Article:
Gawking Around Vancouver, B.C.

6 Mar

Usually on Saturdays I sleep in, eat some of whatever C made for breakfast, and then spend the rest of the day being a productive cleaning/errand/fixing stuff/finishing projects machine. But on Friday I was feeling particularly liberated thanks to my new enhanced driver’s license (since my passport expired over two years ago, I haven’t made the mere 45 journey in too long) so we decided to bail the next morning and spend the day in Canada looking for something good to eat. I can’t believe I’d never really explored the city until yesterday…and Chinatown was my absolute favorite.

…and not just because every knick knack shop we went into exploded with paper lanterns and pretty lovely things all crammed together in a sardine tin of concentrated happiness, either. Nope, it was also the open markets filled with so many strange seafood smells and mounds upon mounds of ingredients that even if given to me in neatly labeled jars I would still have NO IDEA how to go about utilizing… dried massive mushrooms, scaly sea kelp, still-wet jellyfish, or crispy, shriveled octopus, to name few.

There were so many unrecognizable piles of ingredients that any awkwardness I felt from being the only English-speaker clutching an oversized camera was totally diminished by the total awe and respect for the little old ladies scooping up bags of the stuff… what were they going to make? Alls I know is that it was probably going to be AWESOME and I WANTED IN.

C and I were particularly enamored with the butcher shops- since we don’t even have one in our town, it was really refreshing to see so many offering cheap cuts of quality meats, kidneys, necks, tripe, piles of pork belly and chops and pretty much any part of the animal you’d ever even consider eating… just hanging out, ready to buy. I was feeling pretty flush with jealousy since  when I want to buy, oh, I dunno, ANY PART OF A DUCK the whole damn town of Bellingham only seems to be able to offer me a shrug when I try to figure out where to find it. And those display cases with juicy red rabbits and glazed ducks and chickens… seriously. I started drooling once.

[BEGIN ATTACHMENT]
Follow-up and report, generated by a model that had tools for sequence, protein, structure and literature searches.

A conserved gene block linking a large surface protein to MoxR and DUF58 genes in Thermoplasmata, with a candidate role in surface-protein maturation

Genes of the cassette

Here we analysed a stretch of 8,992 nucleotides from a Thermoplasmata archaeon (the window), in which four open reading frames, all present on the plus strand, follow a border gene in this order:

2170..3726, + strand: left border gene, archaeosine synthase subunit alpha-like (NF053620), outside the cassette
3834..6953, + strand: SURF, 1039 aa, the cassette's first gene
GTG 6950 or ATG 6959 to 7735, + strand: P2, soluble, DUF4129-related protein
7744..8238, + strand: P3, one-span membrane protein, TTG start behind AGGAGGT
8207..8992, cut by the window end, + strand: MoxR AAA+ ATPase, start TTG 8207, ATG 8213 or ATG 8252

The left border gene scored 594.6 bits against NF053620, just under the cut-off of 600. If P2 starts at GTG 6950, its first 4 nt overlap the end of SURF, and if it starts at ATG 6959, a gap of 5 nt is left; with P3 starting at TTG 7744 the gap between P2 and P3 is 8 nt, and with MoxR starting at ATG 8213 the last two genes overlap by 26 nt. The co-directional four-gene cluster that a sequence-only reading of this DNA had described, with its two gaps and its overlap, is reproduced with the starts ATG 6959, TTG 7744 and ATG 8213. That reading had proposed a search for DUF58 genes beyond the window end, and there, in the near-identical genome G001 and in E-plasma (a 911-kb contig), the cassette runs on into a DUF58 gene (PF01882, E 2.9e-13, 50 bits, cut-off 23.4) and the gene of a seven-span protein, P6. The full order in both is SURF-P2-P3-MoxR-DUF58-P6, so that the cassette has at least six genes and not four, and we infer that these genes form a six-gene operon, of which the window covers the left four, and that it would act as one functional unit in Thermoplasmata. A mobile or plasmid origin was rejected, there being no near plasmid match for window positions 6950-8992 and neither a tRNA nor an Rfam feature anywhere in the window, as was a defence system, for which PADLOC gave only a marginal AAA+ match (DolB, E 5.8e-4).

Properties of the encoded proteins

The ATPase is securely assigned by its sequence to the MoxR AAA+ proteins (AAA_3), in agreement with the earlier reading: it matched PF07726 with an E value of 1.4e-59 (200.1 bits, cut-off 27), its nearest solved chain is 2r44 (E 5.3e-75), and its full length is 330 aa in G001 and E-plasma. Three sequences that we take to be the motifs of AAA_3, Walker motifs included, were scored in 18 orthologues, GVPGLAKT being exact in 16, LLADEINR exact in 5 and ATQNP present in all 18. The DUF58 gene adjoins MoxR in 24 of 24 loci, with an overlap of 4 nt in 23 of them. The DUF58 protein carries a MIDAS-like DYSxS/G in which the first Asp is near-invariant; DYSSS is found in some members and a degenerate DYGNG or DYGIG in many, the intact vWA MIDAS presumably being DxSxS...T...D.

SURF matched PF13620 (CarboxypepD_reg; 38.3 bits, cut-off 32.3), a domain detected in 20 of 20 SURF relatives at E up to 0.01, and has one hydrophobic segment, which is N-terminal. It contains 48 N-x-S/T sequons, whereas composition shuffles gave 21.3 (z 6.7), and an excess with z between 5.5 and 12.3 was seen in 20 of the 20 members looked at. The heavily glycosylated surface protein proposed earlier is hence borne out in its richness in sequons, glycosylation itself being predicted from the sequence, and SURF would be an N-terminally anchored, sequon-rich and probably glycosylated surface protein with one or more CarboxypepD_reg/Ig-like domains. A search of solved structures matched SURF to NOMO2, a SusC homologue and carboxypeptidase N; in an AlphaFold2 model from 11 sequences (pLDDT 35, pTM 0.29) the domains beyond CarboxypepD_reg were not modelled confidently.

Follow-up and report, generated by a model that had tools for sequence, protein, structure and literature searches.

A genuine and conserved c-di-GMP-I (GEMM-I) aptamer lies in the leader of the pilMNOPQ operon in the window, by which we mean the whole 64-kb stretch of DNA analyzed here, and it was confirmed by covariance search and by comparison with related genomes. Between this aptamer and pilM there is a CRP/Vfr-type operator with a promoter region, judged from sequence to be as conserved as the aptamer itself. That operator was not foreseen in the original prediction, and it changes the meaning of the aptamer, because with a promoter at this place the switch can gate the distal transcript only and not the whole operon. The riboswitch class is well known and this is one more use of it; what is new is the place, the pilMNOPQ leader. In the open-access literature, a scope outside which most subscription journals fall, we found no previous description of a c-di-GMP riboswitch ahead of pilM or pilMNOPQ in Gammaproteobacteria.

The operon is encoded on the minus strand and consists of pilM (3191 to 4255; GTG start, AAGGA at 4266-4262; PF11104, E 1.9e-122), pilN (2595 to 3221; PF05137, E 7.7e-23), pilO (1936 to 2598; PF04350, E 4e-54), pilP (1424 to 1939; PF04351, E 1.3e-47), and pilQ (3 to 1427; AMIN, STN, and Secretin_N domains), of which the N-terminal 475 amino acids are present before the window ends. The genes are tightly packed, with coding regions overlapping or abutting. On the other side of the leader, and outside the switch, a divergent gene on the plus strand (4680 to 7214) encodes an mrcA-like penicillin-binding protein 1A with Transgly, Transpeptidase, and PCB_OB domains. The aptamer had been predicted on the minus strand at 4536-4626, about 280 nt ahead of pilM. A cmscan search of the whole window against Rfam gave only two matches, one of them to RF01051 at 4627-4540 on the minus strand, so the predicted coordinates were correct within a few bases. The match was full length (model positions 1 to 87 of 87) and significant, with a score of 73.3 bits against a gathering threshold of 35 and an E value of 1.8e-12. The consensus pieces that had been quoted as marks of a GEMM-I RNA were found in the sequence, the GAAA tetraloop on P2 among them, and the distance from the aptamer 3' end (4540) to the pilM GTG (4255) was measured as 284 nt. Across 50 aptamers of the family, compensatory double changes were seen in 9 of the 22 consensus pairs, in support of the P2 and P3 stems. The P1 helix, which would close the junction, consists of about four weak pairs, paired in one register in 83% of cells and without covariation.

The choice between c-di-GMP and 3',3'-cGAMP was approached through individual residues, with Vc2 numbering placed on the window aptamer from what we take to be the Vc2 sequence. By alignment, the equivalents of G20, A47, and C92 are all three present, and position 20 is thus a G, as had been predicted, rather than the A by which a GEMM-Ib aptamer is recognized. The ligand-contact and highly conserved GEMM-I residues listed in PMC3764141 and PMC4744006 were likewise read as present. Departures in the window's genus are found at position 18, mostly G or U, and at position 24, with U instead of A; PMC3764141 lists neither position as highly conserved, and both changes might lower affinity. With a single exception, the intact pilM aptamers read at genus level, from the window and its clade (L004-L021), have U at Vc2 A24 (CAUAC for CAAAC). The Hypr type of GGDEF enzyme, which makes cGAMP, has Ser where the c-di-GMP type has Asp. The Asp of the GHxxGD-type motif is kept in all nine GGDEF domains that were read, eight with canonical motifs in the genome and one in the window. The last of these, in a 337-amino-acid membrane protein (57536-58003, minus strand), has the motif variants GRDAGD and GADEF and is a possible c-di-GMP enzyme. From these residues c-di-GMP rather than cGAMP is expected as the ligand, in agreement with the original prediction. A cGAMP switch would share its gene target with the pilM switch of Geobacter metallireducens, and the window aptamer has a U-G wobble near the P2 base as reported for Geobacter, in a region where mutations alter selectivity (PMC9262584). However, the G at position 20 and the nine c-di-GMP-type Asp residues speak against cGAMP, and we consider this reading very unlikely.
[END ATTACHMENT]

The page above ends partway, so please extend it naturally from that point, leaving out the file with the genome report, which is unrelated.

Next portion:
C likie.

Though, when one butcher entered the window with a bus tub sloshing with thick meat juice, the outsides coated in a sticky film, from which he pulled bare-handed handfuls of chicken feet to add to the display, the drooling stopped. Also, this little guy made me feel really, really sad:

But that’s only because he looked a little cold without a sweet sticky glaze and a couple hours over an open fire- HEY YO! Honestly though, the gizzards hanging out in the doorway on top of milk crates DID freak me out a little bit, though.

When it comes to food handling and making my own personal food, I’m no stickler about things sitting out and I’m not afraid of a little bit of bacteria, but honestly those gizzards were probably so far in the danger zone they went right past in and ended up in Danger City, USA. Which leads me to CLARIFICATION ZONE: I realize that last sentence is probably disconcerting to some since I do work in an industrial kitchen, but don’t worry… since I’m getting paid and most certainly watched by my superiors I DO FOLLOW HEALTH CODES AT WORK. ALWAYS. EVERY SINGLE ONE. I’M LIKE THE PATRON SAINT OF HEALTH CODE FELLOWSHIP. Fear not. I will not poison you.